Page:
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Sourdough Scones (with Discard)

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Sourdough scones are tender and flaky with that distinct tang of sourdough! These scones are the ultimate way to use your sourdough discard, and this simple sourdough scones recipe is easy to customize by mixing in your favorite add-ins! Chocolate chips, chopped nuts, or dried fruit can be added to make tasty scone variations- we’re including them in this post to give you a good mix of options to choose from!

Three sourdough scones with chocolate chips and raisins.

Scones are the perfect anytime-of-day snack, if you ask us! They make a wonderful breakfast with butter and jam but they’re also an ideal snack that’s great if you’re on the go.

We can’t ever say “no” to a homemade scone (have you tried our Lemon Buttermilk Scones?) and these flaky, buttery, tangy sourdough scones are no exception.

They’re the perfect base for different flavor variations, so you can modify the recipe with sweet dark chocolate chips or dried cranberries, or even frozen fruit. 

Why This Recipe Works

If you have an active starter, these tasty scones are a great way to use your sourdough discard (along with these sourdough pancakes and this delicious sourdough banana bread)!

The result is super tender scones with an incredible flavor and amazing texture. We use a special mixing method that always results in a tall, tender and fluffy scone. 

Here’s why you’ll love this sourdough scone recipe:

  • it calls for basic ingredients, and you can customize the scones with your favorite add-ins
  • the distinct flavor of sourdough is noticeable and delicious in every bite
  • the scones are soft and tender
  • this is a basic scone recipe and a great way to make use of discard sourdough starter.

The Ingredients

Basic ingredients come together for this easy sourdough scone recipe!

The flavor of sourdough lends well to sweet scones, and we’re including mix-in options like dried blueberries, chocolate chips or nuts along with a finishing dust of turbinado sugar.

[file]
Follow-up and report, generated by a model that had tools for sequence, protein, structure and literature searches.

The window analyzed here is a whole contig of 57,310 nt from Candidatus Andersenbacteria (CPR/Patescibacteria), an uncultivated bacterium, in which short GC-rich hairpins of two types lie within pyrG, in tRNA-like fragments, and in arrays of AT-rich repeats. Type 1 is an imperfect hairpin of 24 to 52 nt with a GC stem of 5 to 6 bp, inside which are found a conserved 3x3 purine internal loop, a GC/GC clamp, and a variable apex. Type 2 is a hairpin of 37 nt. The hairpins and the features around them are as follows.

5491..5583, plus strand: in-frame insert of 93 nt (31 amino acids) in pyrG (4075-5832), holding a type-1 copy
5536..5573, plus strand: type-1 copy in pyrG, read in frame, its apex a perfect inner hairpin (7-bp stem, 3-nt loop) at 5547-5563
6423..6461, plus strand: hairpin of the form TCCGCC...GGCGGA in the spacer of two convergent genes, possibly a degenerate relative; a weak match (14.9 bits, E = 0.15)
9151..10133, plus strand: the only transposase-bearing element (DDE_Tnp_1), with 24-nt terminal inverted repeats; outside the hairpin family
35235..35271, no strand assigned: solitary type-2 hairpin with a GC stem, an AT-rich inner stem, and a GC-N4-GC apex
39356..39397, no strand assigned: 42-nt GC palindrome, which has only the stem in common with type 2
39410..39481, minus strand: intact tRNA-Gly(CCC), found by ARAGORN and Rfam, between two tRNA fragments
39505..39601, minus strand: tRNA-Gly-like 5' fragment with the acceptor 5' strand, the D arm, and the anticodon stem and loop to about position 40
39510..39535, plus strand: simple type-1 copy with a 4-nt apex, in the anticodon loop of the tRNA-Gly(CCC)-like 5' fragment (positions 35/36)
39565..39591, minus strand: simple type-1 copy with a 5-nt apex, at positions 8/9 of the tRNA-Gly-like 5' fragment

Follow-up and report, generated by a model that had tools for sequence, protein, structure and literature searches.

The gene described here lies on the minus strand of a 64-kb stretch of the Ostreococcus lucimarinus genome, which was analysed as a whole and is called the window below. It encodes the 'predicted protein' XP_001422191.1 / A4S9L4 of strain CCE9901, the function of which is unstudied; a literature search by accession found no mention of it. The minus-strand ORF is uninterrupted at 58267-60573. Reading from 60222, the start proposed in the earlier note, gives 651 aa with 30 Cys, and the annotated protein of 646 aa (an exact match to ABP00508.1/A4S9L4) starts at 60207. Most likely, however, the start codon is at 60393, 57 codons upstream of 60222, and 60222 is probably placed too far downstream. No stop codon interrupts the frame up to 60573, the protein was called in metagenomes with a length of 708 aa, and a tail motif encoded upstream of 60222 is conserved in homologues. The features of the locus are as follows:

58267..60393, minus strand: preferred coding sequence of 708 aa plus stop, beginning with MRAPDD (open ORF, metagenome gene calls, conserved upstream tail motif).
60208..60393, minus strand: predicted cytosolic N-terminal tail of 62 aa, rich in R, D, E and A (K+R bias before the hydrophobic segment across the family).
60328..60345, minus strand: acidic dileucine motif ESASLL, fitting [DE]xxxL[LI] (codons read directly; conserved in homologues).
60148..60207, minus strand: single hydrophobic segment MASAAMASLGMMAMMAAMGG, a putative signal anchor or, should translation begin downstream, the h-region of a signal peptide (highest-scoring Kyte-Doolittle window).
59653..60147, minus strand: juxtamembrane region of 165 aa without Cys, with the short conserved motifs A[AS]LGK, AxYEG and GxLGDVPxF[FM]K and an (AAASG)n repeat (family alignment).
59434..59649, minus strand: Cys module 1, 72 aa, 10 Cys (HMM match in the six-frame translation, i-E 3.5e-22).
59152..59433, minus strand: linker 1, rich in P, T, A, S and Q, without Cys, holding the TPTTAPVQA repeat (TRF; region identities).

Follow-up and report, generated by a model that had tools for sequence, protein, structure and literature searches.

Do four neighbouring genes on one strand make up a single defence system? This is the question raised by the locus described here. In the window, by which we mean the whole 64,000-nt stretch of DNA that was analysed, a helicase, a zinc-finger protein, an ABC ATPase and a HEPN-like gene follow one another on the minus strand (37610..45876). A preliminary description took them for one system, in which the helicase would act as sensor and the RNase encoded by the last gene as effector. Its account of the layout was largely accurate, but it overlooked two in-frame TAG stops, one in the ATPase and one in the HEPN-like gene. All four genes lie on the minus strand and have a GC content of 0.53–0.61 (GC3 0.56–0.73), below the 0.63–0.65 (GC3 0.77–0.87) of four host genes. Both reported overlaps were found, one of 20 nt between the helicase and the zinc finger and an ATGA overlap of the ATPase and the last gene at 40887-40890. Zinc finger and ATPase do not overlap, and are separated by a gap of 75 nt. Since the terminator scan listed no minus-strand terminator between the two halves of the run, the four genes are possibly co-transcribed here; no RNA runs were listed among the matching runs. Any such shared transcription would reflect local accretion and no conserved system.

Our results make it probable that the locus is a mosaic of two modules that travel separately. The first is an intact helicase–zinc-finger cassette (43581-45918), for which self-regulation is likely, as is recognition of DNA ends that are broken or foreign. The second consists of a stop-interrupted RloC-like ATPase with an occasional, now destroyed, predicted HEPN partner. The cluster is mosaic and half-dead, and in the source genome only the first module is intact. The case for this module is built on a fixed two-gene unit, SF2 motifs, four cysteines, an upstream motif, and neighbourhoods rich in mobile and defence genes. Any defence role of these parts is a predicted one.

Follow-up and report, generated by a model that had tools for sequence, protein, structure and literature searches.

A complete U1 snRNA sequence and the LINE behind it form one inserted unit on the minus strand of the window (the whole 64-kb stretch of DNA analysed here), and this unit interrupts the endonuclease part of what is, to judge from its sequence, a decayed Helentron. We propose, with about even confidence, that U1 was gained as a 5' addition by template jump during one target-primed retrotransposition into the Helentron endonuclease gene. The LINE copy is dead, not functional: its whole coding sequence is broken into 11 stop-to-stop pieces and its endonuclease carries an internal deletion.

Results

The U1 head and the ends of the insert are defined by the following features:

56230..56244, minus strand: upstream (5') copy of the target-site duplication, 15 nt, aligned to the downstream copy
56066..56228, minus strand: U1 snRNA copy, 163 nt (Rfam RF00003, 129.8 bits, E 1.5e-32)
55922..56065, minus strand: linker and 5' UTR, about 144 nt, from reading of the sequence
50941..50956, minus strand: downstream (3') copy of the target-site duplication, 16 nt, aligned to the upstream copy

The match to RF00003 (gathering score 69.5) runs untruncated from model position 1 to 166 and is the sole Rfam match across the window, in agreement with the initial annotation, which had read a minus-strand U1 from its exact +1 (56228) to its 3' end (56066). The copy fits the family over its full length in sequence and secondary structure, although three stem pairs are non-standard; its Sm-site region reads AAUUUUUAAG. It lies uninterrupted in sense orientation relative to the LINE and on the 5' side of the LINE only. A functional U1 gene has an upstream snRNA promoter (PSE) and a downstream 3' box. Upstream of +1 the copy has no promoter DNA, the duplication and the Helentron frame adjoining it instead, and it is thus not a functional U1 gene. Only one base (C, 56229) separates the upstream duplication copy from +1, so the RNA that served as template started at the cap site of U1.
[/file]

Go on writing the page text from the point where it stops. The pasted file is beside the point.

However, if you prefer a savory scone, you can customize this recipe as you like and mix in your favorite savory add-ins like (check out our sour cream and onion biscuits for ideas)!

Here’s what you will need:

  • Flour. We are using all-purpose flour. Save a bit to dust the counter when you shape the scones.
  • Sugar. We use regular white granulated sugar, but you omit the sugar if you want a savory scone. We also used turbinado sugar to sprinkle on top of the scones.
  • Baking powder and baking soda. Used to give lift to the scones.
  • Salt.
  • Lemon zest. Lemon zest goes well with chocolate chips, nuts, raisins, or fruit but feel free to omit the zest if you want.
  • Butter. Make sure the butter is cold.
  • Mixins. Some favorites that we like are dried blueberries, dried cherries, chocolate chips, or nuts
  • Sourdough starter 
  • Buttermilk or kefir. If you don’t have either of these, you can use heavy cream.

There are no eggs in this scone recipe, and the sourdough discard acts as a binding agent.

Flour, sourdough starter, baking powder, baking soda, butter, buttermilk, lemon sugar, chocolate chips, and raisins.

How to Make Sourdough Discard Scones

The most common issue with baking homemade scones is that the dough can quickly become over-worked which results in a tough, rock-hard scone. Our mixing method is a fool-proof way to get tender, flaky scones that are sturdy but not crumbly. 

Here’s a quick look at how to make them, but be sure to refer to the printable recipe card at the bottom of the page for all of the details.

First, preheat the oven and line a baking sheet with parchment paper so your scones don’t stick to the pan. 

Using a pastry blender to cut butter into the flour mixture.

In a large mixing bowl, combine the dry ingredients and lemon zest. Add the cold butter and use a pastry blender or your hands to crumble the mixture until it is the consistency of damp sand with pea-sized lumps. 

Adding chocolate chips and raisins to the scone mixture then adding the sourdough discard.

Add in the mix-ins. In a separate bowl, combine the sourdough discard with the buttermilk and mix the wet ingredients well. Pour it into the flour mixture. 

Mixing the sourdough discard into the scone batter.

Gently mix until the scone dough comes together. Tip the dough out onto a lightly floured surface.

Using a bench scraper to fold and mix the scone dough on the counter then cut the batter into two portions.

Push the dough together to form a disk. Use a bench scraper or your hands to fold the dough in half three or four times.